why are my legs getting so skinny
Fitness

Why Are My Legs Getting So Skinny?

Ask any recreational or even competitor lifter what part of the body they find most difficult to add muscle mass to, and there’s a good chance they’ll say their legs. Despite housing some of the body’s largest muscles, our legs sometimes lack size and definition when compared to our upper bodies.

If your legs are skinny, it could be because you’re not performing enough strength training on them, or you’re not eating enough calories to build muscle there. Lots of steady-pace cardio training like running can also lead to skinny legs.

Here, we’re going to look at some of the main reasons for skinny legs and how you can address them.

1. Lack of strength training

Resistance training is a necessity for building muscle anywhere on your body, so if you don’t do any form of leg training that is geared toward strength, then it’s likely the muscles will be underdeveloped and your legs will be skinny. 

In order to develop a muscle, it should be trained at least twice a week, so you should be aiming to complete a leg workout on at least two separate days each week, with sufficient recovery time in between. 

To build leg strength, you need to be lifting weights that are clearly challenging but not so heavy that you can’t maintain the correct form. As you build strength, you should increase the amount of weight you’re lifting accordingly so that your leg muscles continue to grow and become stronger.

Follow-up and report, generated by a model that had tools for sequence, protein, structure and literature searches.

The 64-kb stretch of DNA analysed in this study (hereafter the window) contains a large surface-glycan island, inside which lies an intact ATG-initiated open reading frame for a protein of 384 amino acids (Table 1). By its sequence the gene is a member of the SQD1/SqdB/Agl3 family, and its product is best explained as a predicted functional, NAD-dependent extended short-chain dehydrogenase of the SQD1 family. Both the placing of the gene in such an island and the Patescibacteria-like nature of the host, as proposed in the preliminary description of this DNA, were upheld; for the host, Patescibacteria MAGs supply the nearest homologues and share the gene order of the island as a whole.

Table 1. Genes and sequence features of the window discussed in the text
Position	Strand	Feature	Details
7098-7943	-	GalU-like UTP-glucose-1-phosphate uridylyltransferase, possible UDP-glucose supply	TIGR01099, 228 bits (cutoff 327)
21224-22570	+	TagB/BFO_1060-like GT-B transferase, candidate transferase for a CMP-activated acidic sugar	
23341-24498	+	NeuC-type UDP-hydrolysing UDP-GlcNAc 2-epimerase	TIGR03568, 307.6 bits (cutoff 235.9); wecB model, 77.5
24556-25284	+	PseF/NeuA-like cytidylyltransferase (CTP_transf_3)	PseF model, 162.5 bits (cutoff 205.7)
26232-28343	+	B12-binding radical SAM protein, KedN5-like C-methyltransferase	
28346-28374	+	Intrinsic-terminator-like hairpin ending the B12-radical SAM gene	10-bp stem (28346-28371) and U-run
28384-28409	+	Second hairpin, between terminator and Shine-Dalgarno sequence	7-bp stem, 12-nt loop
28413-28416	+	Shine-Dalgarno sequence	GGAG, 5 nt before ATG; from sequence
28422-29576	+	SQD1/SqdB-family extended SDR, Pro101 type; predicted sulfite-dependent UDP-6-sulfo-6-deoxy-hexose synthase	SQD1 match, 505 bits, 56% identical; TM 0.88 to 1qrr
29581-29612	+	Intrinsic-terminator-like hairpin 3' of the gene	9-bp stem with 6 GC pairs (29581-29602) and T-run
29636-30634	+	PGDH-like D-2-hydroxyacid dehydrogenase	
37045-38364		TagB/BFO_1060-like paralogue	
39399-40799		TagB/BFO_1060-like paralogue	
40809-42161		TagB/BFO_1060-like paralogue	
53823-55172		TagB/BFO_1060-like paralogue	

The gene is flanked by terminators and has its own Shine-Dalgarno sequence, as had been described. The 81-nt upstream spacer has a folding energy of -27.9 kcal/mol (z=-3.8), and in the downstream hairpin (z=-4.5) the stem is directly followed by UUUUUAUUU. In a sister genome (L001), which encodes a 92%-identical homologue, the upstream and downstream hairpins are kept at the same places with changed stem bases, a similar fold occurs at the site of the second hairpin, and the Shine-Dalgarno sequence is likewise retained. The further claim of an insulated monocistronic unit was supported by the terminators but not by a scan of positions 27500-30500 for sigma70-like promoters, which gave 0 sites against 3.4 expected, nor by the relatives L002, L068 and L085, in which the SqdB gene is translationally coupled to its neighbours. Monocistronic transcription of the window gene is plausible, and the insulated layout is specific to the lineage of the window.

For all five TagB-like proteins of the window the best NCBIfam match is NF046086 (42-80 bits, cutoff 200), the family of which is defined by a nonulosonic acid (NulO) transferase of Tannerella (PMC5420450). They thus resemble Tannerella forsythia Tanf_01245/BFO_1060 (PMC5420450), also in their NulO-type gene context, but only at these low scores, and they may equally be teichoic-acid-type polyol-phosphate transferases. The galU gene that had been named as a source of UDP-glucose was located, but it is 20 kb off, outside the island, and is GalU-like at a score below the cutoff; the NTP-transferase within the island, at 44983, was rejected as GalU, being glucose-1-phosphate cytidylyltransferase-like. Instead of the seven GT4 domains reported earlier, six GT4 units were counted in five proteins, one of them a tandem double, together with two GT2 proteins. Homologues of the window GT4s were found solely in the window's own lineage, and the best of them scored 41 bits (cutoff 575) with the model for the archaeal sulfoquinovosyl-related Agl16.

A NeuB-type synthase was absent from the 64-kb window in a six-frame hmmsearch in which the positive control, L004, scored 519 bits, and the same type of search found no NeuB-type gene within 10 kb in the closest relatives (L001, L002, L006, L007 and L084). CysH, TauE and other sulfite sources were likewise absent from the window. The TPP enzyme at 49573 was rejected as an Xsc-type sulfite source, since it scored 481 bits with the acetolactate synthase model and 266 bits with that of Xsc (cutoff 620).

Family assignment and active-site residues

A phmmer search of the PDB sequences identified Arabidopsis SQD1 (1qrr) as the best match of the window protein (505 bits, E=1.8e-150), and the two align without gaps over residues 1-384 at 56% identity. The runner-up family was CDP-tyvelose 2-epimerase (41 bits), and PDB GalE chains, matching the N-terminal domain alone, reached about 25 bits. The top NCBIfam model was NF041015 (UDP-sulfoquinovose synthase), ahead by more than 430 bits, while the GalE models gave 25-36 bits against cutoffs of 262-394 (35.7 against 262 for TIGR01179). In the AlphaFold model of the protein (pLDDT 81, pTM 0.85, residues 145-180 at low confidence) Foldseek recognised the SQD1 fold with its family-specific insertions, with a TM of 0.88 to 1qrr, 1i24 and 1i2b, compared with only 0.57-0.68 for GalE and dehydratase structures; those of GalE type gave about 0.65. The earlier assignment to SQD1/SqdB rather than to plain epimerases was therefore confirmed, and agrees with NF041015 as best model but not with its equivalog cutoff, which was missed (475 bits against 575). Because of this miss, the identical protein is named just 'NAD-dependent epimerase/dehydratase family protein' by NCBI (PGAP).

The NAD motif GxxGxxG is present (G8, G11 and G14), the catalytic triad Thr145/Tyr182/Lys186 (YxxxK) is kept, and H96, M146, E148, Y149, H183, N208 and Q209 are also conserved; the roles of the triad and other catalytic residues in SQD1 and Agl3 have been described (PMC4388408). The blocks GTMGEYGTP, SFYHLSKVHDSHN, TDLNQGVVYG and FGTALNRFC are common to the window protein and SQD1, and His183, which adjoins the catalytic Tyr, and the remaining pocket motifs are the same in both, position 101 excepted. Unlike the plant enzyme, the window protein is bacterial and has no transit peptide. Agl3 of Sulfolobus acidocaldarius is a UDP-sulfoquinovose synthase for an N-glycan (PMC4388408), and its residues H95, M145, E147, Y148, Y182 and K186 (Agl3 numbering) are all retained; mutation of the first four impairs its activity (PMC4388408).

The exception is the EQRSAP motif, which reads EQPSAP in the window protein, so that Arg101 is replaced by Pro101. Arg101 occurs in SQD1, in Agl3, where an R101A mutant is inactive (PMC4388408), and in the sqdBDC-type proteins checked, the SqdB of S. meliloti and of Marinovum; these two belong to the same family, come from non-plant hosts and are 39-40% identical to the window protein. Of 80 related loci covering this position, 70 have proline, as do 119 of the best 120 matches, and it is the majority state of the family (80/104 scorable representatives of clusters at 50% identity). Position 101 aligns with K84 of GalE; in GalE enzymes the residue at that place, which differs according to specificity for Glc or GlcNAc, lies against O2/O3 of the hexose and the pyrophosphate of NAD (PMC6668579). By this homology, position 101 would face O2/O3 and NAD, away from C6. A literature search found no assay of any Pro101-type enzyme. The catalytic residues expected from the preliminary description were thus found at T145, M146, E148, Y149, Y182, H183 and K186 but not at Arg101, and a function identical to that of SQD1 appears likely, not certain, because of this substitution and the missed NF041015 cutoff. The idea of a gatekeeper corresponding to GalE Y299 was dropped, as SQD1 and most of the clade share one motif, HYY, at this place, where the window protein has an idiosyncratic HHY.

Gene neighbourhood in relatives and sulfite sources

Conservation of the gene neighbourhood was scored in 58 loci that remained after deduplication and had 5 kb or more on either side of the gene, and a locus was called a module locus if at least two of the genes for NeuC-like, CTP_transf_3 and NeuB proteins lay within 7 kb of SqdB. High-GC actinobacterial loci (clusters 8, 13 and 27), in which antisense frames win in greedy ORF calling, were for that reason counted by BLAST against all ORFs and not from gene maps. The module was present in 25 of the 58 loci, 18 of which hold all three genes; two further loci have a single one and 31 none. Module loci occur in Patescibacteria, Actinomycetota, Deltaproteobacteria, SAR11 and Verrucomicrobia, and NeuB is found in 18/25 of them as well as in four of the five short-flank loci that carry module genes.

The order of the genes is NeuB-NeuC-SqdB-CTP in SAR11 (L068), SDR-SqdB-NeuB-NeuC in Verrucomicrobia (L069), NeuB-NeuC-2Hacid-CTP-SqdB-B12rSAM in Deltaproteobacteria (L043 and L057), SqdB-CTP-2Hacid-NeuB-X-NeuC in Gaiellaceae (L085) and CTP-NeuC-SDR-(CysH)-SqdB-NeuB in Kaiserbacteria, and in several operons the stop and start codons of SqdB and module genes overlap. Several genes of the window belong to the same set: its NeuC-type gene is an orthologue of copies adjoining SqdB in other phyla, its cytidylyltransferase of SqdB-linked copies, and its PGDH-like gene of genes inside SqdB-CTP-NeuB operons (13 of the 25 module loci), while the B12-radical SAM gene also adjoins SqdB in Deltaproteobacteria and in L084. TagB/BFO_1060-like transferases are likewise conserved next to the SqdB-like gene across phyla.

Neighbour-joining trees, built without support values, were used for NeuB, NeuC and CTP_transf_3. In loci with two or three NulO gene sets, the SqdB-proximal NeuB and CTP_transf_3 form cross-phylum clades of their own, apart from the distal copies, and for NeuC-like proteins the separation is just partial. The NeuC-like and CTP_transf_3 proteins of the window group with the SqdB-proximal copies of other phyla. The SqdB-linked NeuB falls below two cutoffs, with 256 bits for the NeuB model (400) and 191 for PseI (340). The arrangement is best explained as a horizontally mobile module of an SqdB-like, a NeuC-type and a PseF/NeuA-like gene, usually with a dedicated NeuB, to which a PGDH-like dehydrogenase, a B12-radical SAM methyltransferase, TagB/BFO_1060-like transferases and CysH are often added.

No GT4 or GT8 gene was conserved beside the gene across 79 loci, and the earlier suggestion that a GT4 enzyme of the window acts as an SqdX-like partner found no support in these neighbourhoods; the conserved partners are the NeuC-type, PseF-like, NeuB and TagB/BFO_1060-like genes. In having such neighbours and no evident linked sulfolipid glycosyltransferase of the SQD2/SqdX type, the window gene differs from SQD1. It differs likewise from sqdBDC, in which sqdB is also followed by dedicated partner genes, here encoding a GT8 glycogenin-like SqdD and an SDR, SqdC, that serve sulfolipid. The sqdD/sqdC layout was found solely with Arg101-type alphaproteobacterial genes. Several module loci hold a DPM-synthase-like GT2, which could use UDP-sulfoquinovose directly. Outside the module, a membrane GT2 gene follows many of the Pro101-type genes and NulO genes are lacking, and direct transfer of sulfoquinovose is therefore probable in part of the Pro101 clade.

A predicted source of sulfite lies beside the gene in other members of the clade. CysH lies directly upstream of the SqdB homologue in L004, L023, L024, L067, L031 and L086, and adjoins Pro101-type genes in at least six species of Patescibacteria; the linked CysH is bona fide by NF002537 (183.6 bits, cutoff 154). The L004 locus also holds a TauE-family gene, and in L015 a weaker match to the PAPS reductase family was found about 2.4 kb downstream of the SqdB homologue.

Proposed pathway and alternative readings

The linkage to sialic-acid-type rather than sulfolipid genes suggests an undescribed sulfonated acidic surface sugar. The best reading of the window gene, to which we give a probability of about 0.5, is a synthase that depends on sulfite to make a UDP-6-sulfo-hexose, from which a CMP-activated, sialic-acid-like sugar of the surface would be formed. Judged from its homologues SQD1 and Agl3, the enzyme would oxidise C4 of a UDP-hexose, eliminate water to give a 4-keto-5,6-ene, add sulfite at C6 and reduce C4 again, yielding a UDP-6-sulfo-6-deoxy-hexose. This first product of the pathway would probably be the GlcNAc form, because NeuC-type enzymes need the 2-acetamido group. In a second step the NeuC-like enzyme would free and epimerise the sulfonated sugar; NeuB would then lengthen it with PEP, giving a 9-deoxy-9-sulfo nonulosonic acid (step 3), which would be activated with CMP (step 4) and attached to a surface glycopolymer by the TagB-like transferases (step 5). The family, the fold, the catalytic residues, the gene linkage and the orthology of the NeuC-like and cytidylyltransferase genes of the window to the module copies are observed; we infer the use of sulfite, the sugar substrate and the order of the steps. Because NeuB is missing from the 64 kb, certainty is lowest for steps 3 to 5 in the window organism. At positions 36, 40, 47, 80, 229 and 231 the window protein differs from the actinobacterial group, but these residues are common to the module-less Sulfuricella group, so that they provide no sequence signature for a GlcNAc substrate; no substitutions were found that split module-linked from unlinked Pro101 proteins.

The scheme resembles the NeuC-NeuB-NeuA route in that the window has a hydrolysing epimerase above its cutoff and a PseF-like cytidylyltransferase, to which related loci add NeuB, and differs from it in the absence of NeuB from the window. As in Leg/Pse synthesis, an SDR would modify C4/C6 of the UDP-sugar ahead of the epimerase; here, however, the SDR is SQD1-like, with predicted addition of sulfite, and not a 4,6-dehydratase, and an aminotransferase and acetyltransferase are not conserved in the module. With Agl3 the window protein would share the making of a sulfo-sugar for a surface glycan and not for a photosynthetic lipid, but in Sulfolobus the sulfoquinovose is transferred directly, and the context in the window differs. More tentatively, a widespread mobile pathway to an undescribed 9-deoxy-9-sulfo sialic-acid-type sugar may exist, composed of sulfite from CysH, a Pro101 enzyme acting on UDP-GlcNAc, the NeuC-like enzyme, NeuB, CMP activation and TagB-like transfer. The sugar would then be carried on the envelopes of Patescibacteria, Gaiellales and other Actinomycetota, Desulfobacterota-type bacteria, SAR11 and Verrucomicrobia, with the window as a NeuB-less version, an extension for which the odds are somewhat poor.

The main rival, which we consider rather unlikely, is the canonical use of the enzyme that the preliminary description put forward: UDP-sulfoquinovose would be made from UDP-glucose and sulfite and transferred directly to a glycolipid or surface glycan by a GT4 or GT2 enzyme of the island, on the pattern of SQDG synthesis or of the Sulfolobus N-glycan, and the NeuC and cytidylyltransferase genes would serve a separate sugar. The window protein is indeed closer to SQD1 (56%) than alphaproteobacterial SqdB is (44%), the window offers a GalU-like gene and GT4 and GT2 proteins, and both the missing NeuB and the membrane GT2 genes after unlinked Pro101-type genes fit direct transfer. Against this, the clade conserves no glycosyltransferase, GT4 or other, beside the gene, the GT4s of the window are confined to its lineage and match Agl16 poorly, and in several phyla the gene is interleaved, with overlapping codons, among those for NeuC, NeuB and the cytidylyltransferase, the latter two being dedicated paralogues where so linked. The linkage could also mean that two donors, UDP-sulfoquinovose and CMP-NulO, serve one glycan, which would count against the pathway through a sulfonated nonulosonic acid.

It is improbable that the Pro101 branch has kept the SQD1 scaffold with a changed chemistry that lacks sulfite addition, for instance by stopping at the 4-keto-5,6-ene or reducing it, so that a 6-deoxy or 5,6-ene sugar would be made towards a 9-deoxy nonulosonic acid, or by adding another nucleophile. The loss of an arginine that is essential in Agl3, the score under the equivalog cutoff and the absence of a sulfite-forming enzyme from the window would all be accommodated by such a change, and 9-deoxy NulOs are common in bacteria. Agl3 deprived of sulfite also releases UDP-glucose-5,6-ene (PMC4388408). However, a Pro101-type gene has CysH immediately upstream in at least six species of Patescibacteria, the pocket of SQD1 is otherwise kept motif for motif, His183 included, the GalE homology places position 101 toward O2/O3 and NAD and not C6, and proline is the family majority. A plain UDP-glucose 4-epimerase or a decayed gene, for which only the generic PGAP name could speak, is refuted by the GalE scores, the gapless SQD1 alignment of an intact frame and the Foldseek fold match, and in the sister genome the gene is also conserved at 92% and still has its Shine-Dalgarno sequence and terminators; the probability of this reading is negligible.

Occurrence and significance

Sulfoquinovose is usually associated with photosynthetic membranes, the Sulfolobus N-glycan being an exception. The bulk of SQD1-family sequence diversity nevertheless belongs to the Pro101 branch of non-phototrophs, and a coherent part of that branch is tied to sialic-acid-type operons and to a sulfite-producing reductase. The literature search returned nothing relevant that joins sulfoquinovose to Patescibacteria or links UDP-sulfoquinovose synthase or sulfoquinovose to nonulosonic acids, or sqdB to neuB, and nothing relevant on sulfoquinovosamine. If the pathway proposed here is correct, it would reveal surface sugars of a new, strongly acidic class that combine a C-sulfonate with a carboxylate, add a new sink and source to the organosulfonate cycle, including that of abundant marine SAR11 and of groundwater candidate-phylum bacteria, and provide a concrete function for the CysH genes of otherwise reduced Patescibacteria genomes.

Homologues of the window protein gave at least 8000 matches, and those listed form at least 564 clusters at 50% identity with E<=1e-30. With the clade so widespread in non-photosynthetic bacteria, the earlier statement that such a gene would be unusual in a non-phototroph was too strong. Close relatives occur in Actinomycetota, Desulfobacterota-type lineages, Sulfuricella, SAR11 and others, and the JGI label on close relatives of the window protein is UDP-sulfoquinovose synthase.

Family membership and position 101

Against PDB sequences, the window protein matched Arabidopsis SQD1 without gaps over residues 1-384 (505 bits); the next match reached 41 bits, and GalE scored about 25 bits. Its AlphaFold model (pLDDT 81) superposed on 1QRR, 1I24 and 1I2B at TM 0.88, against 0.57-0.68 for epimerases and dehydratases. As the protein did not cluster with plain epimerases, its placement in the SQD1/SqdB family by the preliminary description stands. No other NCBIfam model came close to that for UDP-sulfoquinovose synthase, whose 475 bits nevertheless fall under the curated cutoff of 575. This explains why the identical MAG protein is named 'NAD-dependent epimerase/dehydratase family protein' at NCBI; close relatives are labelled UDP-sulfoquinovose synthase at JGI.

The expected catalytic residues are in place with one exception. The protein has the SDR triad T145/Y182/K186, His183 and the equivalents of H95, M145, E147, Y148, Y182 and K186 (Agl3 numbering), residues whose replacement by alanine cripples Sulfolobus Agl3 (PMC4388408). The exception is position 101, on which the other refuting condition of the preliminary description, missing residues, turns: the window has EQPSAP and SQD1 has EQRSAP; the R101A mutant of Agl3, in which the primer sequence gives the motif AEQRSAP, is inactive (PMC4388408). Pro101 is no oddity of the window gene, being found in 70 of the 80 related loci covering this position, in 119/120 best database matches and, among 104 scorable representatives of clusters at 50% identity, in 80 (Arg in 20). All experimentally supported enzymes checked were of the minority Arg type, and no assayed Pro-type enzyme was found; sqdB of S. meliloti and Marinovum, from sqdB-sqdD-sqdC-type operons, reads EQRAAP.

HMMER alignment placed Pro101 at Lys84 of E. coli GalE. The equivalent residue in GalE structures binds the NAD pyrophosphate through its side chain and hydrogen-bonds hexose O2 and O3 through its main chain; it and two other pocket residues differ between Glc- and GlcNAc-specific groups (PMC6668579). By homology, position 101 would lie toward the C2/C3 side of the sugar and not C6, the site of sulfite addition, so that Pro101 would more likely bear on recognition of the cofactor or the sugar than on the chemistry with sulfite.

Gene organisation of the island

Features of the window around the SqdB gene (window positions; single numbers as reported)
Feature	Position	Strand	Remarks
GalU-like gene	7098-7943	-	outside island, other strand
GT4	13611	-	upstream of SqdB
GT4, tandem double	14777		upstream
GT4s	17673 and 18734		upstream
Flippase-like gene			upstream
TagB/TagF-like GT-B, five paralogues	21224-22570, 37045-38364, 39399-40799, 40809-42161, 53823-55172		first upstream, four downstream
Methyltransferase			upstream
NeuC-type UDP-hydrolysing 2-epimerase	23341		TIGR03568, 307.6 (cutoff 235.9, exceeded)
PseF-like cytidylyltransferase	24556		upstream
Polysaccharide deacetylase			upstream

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2. Not enough training variation

man standing on a race track

Now, if you have been doing resistance training on your lower body regularly and your legs are still too skinny, it might be because you’re not changing things up enough. Performing the same leg exercises at the same volume and frequency every week will quickly lead to a plateau, which is when your body has adapted to your training to the point that it no longer feels the full benefits of the exercise.

So, your workout routine should include a variety of exercises that target your legs muscles, such as different variations of squats, deadlifts, lunges, and more. 

You might also need to adjust the volume of your legs workout, which is the number of reps and sets you do. If you choose to perform high numbers of reps and sets, then you should use lighter weights. 

3. Not eating enough

a balanced, healthy meal

Growth in muscle size can also only happen if you are in a calorie surplus, which means you’re consuming more calories than you’re burning. You can have your workout routine finely-tuned and perfected for muscle growth, but if you’re not consuming enough calories then your legs will remain skinny.

You should aim to eat 200-300 extra calories per day above your maintenance limit (the number of calories you would need to consume to remain at your current weight). Obviously, you want to avoid creating excess body fat so the calories you consume still need to come from high-quality sources and a balanced diet. 

4. Too much cardio

man running by the road